Dre’s Race Review – F1’s 2023 Qatar Grand Prix

A World Champion crowned, a Sprint Win for Oscar Piastri, Pyramid Kerbs that turned a GP into a timed rally, and dangerous conditions in Qatar. Dre on a mess of a race weekend.

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Read time: 8 mins

“Sergio Perez is the reason Ramsay’s Kitchen Nightmares is back on TV. Because he can’t cook.”

What a Grand Prix this was. Seriously, this weekend was a literal hot mess. The gamechanger for the weekend that we found out about on Saturday morning ended up not really being a factor, and something none of us considered, ended up being so. Oh, and Max Verstappen won the World Championship on a Saturday, while Oscar Piastri won a sprint race. Let’s try to make sense of… all of this shit.

A Pyramid Scheme

Qatar’s always been a weird addition to the calendar. It’s far more well-known as MotoGP’s traditional season opener. It isn’t used for much else besides Touring Cars and National Level bike races. But they’ve renovated the place with a massive new paddock and grandstands to take attendance up to 120k for the weekend. Nice given it only used to pull 8,000 on race day for MotoGP. 

But little did we do the chaos that awaited on Saturday morning. As part of the renovations, the track organisers combined with the FIA installed “Pyramid Kerbs”, 50 millimetre high kerbs on the outside of Turns 12 and 13 that when combined with the car’s high lateral G-Force coming through the corner, caused damage in the Pirelli’ tyres sidewall due to the high level of interference.

For what it’s worth, it doesn’t help they’ve also been put in at Jerez and Misano. Don’t envy the MotoGP riders there…

The FIA said they were going to use the Sprint Race to see if the data was consistent with what they’d seen in practice, and in the meantime, paint an extra 80 centimetres into the outside of the track, reducing its width and forcing drivers to be extra careful on the outside, or risk track limits sanctions. No surprise, given the drivers only had 10 minutes to acclimatise to the new corner sequence, they struggled in the Sprint Shootout, with 31 laps struck off the board in just 30 minutes of total running.

I get it, it’s very easy to say “Just stay in the lines”, but when you’ve only given drivers maybe 6 laps to get used to the changes, and the drivers can barely see the edge of the track (Many of them going by feel of said kerbs as their yardstick), it felt a little bit like they were being set up to fail. 

The Sprint was supposed to be a glorified test of the tyres. It didn’t matter because the 19-lap sprint had THREE Safety Cars as Logan Sargeant and Liam Lawson spun, then we had a three-wide smash between Sergio Perez, Esteban Ocon and Nico Hulkenberg. 

So by Sunday afternoon, the FIA had to take drastic measures. A maximum usage of 18 laps per tyre set, including sets that were already used. It made the race a mandatory 3-stopper because it was 57 laps in total unless something really funky happened. 

And yet, despite the potential for chaos… the race was perfectly docile in terms of tyre management. The soft tyres were essentially off the table due to the speed at which they were wearing out (The Sprint gave the game away there), and while it took a little while for the cars to generate heat, three mandatory stops meant management was off the table. Some undercuts were attempted but it didn’t make a huge difference to the running, and it turned out fine.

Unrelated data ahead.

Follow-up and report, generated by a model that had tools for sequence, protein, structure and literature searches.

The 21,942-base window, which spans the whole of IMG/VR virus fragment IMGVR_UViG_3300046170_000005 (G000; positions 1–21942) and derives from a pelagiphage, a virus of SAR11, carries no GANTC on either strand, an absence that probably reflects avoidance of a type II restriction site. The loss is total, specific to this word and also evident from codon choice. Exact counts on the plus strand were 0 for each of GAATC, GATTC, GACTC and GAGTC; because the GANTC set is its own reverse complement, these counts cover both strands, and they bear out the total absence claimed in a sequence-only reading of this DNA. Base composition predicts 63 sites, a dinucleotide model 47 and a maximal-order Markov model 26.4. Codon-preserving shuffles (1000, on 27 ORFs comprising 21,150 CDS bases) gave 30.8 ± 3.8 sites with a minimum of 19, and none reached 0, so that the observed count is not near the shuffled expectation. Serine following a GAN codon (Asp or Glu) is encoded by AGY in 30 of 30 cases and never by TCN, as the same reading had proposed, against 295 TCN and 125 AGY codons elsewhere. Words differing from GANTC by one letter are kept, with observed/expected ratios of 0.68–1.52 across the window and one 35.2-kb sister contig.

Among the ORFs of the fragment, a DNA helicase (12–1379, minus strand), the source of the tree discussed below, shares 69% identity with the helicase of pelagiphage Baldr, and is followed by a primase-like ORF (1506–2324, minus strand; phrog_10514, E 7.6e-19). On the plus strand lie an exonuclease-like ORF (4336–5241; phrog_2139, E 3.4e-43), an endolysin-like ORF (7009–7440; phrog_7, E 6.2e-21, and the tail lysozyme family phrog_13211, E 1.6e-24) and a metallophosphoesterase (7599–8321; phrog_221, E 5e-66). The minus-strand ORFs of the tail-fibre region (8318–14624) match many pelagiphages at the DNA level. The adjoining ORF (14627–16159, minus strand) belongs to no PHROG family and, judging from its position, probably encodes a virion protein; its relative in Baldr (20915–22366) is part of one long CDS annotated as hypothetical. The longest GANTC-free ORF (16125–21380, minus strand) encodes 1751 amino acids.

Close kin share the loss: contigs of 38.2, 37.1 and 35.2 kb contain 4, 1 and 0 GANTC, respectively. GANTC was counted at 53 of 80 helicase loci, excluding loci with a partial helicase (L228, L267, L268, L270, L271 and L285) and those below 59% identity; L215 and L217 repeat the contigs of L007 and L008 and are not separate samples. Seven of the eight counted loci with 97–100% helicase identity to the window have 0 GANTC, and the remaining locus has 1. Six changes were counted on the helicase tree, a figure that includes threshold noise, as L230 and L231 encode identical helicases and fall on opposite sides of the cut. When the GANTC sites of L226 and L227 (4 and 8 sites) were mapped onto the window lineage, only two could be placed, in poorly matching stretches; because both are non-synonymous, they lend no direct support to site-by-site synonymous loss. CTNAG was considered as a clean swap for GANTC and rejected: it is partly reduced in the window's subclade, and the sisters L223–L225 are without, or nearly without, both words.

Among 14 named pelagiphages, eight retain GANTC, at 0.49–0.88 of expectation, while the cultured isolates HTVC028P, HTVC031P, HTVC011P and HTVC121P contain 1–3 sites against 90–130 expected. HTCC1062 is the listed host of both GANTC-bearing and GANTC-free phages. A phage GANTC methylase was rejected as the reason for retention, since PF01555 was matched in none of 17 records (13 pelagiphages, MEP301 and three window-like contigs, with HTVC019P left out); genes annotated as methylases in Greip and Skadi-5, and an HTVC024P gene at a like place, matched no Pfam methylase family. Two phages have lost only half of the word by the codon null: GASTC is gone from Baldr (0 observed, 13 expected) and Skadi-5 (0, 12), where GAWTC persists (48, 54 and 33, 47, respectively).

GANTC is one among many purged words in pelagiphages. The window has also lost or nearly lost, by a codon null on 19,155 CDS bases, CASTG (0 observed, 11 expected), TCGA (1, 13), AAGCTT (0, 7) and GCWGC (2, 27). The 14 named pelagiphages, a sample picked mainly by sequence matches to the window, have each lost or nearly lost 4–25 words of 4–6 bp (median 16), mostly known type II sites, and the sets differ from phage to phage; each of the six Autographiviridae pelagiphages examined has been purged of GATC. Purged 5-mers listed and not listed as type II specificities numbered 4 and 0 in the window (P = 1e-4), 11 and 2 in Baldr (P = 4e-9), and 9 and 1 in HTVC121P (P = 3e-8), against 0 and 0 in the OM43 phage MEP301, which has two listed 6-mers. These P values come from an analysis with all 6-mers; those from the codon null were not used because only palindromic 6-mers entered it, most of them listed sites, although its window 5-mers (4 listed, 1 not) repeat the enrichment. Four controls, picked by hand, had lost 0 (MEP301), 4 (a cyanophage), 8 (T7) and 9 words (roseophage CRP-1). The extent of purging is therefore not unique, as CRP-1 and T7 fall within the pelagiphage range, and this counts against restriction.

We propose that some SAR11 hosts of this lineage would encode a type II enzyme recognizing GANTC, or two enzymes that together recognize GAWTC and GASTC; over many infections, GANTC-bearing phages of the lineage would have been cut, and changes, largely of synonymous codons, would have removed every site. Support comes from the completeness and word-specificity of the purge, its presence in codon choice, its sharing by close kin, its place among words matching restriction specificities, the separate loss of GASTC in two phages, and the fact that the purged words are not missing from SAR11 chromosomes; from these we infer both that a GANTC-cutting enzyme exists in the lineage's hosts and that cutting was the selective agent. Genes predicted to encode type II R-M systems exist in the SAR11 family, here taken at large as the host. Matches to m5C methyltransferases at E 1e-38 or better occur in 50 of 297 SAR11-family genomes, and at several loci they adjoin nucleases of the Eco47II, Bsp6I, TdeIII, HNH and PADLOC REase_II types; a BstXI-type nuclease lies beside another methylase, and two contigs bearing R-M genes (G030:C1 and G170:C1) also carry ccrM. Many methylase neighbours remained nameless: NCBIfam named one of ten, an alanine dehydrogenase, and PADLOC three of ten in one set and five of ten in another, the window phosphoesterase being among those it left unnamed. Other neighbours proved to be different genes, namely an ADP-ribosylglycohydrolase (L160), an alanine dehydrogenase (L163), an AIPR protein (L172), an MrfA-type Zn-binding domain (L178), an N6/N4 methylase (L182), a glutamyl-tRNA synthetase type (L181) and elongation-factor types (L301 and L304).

Generally, I think the sport handled this pretty well. It’s not ideal that we had this issue in the first place, but at least Pirelli discovered the problem quickly and the FIA were quick to put in Safety measures that generally speaking, worked. This weekend could have been a disaster and instead, a crisis was averted. And hopefully, it pumps the brakes on some of the talk about making mandatory pitstop races a thing because it did nothing for the show here. 

Sadly, the race had a different catastrophic problem…

“No, No, No, No, No, No, the Weather…” – Jesse Lingard

This race was run in genuinely dangerous conditions. Even at night, the race was taking place at 31-33 degrees (Low 90s in American), with humidity in the high 70 percentiles, and man it showed. I’m no doctor and I don’t pretend to be one on social media for likes, but it’s pretty clear that multiple drivers were suffering the effects of heat stroke and hyperthermia. 

We saw it live on TV as Logan Sargeant couldn’t continue and could barely get out of his car. Logan said back in Singapore he doesn’t drink during races and a combination of extreme dehydration and flu-like symptoms earlier in the week forced him to stop. As a side note, I applaud James Vowles and the team for doing the right thing and reassuring Sargeant to stop if he felt he couldn’t continue. In a macho sport like Motorsport, where battling injury is often glorified as a test of character, Williams put the safety of their driver first. That matters.

Teammate Alex Albon also suffered acute heat exposure. Lance Stroll admitted he was blacking out while behind the wheel and had to go to the medical centre after the race. Esteban Ocon threw up in his helmet 15 laps in. George Russell was opening his visor during pitstops and resting his hands above the wheel on the main straight to reduce the heat. Yuki Tsunoda tried opening his visor but couldn’t do it because sand got blown into his eyes. Oscar Piastri was sprawled out across the cooldown room floor after calling it “the toughest race of his life”. Charles Leclerc agreed. Valtteri Bottas called the conditions “torture”. 

We don’t have to pretend to be tough guys about this. We don’t have to jerk ourselves off because these athletes are incredible. Heat stroke spares no one. This race probably should have been stopped. And we shouldn’t be racing here if this becomes the norm. It might be better next year when Qatar moves to a December slot, but if this continues, tear up the 10-year contract because this was unacceptable. 

The second week in October and Qatar is going up to 40 degrees?! Seriously, who thought this was a good idea?!

Verstappen’s Coronation